Sometimes we’ll have a big platter of steamed fish and vegetables, plus a side of that garlicky mayonnaise called aïoli. Another time it will be lamb shoulder that’s been cooked so long that it practically melts in your mouth. And if we want something lighter, we’ll have a bowl of crunchy raw vegetables to dip in flavorful anchoïade.

Chef Julien Martinet used to run a gastronomic restaurant in Burgundy, but decided he wanted a simpler place in Provence. “Everything  in my restaurant is homemade and there are no shortcuts,” he says. “I’d rather spend hours shelling coco beans than I would fussing things up to impress the critics.” But impress the critics he has, making it into the prestigious Michelin Guide.

Read all about this terrific restaurant in Perfectly Provence!

 

Secrets of St-Rémy #6: Animal Traditions

My wife Val and I live part of the year in St-Rémy-de-Provence, a charming town between Marseille and Avignon. I’ve written a guidebook about the area, An Insider’s Guide to Provence, where I share some of our favorite things to see and do. This series of articles is based on my book.

Many Traditions

The people of Provence have a deep respect for nature and for the animals that have long been integral to their rural life. And they maintain their traditions, many of which have to do with animals.

One is the transhumance, where thousands of sheep march through town, baaing all the way. Bands play as they go around the town’s ring road, accompanied by shepherds, sheepdogs, and the occasional goat. It’s like a river of sheep!

Another is the festival of St. Eloi, the patron saint of horses. On his day, plow horses are cleaned up, brushed, and wear flower and colorful harnesses. Then they are blessed by the village priest and march through town in a big procession so everyone can admire them.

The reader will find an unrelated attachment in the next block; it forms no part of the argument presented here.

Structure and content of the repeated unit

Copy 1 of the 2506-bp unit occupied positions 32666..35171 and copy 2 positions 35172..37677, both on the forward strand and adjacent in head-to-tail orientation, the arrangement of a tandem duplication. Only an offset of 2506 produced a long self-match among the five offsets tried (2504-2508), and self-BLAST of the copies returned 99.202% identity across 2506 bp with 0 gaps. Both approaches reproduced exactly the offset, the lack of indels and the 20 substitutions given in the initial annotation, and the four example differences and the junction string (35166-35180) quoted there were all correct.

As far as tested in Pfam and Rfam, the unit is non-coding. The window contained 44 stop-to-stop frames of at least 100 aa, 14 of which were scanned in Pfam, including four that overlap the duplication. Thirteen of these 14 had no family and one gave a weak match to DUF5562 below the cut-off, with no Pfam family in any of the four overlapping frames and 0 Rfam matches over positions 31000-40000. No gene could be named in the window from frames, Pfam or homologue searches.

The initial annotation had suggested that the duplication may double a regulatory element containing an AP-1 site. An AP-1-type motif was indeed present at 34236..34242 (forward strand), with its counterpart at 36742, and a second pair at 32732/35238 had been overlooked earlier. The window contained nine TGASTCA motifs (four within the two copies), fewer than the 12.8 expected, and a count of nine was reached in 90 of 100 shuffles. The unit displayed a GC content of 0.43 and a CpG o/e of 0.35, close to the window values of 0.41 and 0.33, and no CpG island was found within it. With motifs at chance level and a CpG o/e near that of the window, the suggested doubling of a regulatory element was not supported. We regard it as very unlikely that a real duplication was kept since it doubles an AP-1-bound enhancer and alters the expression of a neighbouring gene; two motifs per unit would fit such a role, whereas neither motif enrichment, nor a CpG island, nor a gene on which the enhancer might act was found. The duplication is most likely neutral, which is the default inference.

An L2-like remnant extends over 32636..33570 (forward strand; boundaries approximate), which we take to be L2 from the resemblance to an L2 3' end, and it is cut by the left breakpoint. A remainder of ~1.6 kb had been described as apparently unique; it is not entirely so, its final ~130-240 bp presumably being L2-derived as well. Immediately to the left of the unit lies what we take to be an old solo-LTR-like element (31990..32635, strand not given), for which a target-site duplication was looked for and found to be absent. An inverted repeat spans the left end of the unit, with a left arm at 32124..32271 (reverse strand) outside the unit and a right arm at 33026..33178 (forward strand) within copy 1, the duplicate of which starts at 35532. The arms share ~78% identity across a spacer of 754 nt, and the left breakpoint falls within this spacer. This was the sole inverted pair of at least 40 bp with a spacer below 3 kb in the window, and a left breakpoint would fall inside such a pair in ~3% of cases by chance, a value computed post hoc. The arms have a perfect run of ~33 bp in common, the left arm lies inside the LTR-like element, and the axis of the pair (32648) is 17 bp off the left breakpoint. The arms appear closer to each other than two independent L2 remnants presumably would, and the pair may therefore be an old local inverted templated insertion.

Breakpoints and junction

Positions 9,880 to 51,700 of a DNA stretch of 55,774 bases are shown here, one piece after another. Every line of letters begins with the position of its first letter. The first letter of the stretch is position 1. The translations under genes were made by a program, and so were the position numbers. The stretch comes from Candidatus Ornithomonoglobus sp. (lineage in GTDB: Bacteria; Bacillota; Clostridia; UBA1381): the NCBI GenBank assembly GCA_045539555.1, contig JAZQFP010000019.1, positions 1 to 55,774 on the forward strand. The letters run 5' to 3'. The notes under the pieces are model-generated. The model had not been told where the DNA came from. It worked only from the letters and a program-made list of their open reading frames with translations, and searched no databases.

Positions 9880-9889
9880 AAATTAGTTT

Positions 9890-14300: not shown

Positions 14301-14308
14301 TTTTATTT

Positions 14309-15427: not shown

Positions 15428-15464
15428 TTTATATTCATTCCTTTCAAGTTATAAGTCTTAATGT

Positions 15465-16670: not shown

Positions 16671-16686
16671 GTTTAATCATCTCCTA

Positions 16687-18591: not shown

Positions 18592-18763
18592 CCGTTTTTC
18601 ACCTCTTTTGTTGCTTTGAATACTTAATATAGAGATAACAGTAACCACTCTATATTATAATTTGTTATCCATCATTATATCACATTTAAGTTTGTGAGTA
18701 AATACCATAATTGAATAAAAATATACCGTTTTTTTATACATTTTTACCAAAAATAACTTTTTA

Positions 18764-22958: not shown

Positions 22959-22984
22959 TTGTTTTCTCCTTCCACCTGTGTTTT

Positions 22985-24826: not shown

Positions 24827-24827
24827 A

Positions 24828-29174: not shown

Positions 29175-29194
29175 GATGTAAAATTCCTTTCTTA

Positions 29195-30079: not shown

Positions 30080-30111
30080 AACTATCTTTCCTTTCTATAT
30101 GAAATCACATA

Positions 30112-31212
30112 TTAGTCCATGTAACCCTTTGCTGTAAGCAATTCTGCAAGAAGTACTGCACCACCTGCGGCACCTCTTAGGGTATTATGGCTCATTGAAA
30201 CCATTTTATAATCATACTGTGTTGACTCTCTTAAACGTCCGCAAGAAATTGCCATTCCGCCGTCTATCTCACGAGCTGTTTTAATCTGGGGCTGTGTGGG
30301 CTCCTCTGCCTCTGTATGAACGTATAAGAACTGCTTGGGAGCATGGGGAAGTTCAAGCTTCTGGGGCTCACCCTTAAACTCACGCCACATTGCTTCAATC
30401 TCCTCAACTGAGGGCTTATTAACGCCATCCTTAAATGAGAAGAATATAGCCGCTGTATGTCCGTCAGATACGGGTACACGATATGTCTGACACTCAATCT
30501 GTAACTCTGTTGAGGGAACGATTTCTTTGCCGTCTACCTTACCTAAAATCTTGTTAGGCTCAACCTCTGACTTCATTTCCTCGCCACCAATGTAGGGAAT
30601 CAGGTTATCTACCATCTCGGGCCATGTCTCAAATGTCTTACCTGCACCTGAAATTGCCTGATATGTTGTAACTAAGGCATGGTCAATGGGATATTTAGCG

And let’s not forget the course camarguaise, where little doodads are tied around a bull’s horns and brave young men have to run up and take off the doodads. It’s very exciting and surprisingly, no one gets hurt!

Read all about it in My French Life!

What’s it Really Like to Move to France?

People dream of moving to France, but what’s it really like? Can you make friends? How does it change you?

My Frenchly colleagues Karen Karbo, Catherine Rickman, Philip Ruskin and Caitlin Shetterly have all taken the plunge. Two did it as young adults and have since returned to the US. Two others, both middle aged, moved a few years ago and see France as their permanent home. What have their experiences been like?

Read all about it in Frenchly!

The Apt Market in Provence, One of France’s Best

If you’d like to visit one of the best markets in France, don’t miss the one in Apt, the capital of Provence’s Luberon Valley. Don’t just take my word that Apt’s market is something special: it’s been named one of France’s 100 “exceptional markets” by the French National Council of Culinary Art. Not bad!

The market is the biggest in the Luberon Valley and is also historic—it goes back to the 12th century. It has everything you want: wonderful fruits and vegetables, olives, cheeses, wines, honey, flowers, colorful tablecloths…the list goes on and on. During the peak summer months, nearly 500 vendors sell their goods—if you can’t find what you are looking for, it may not exist!

Read all about it in Perfectly Provence!

The Beating Heart of St-Rémy

St-Rémy has a lot of great cafés and restaurants, but there’s one that really stands out: the Bar-Tabac des Alpilles.

It’s not just that the food is good, it’s also that it’s comfortable any time of day. Whether it’s a coffee and croissant before hitting the weekly market, a glass of wine in the afternoon, or a delicious meal, you can find it here. And even more, it’s an important part of the local fabric of St-Rémy, while also being welcoming to tourists.

Sitting at your table, you might hear Americans on one side of you discussing their travel plans and, on the other side, there will be workers unwinding after a long day. Patrick, the owner, calls his place “A mix of modern tourism and local identity.” It’s family-friendly, and I often see kids there with their parents, having a Coke or a juice. It’s a must-stop for your next visit to St-Rémy.

Read all about it in Perfectly Provence!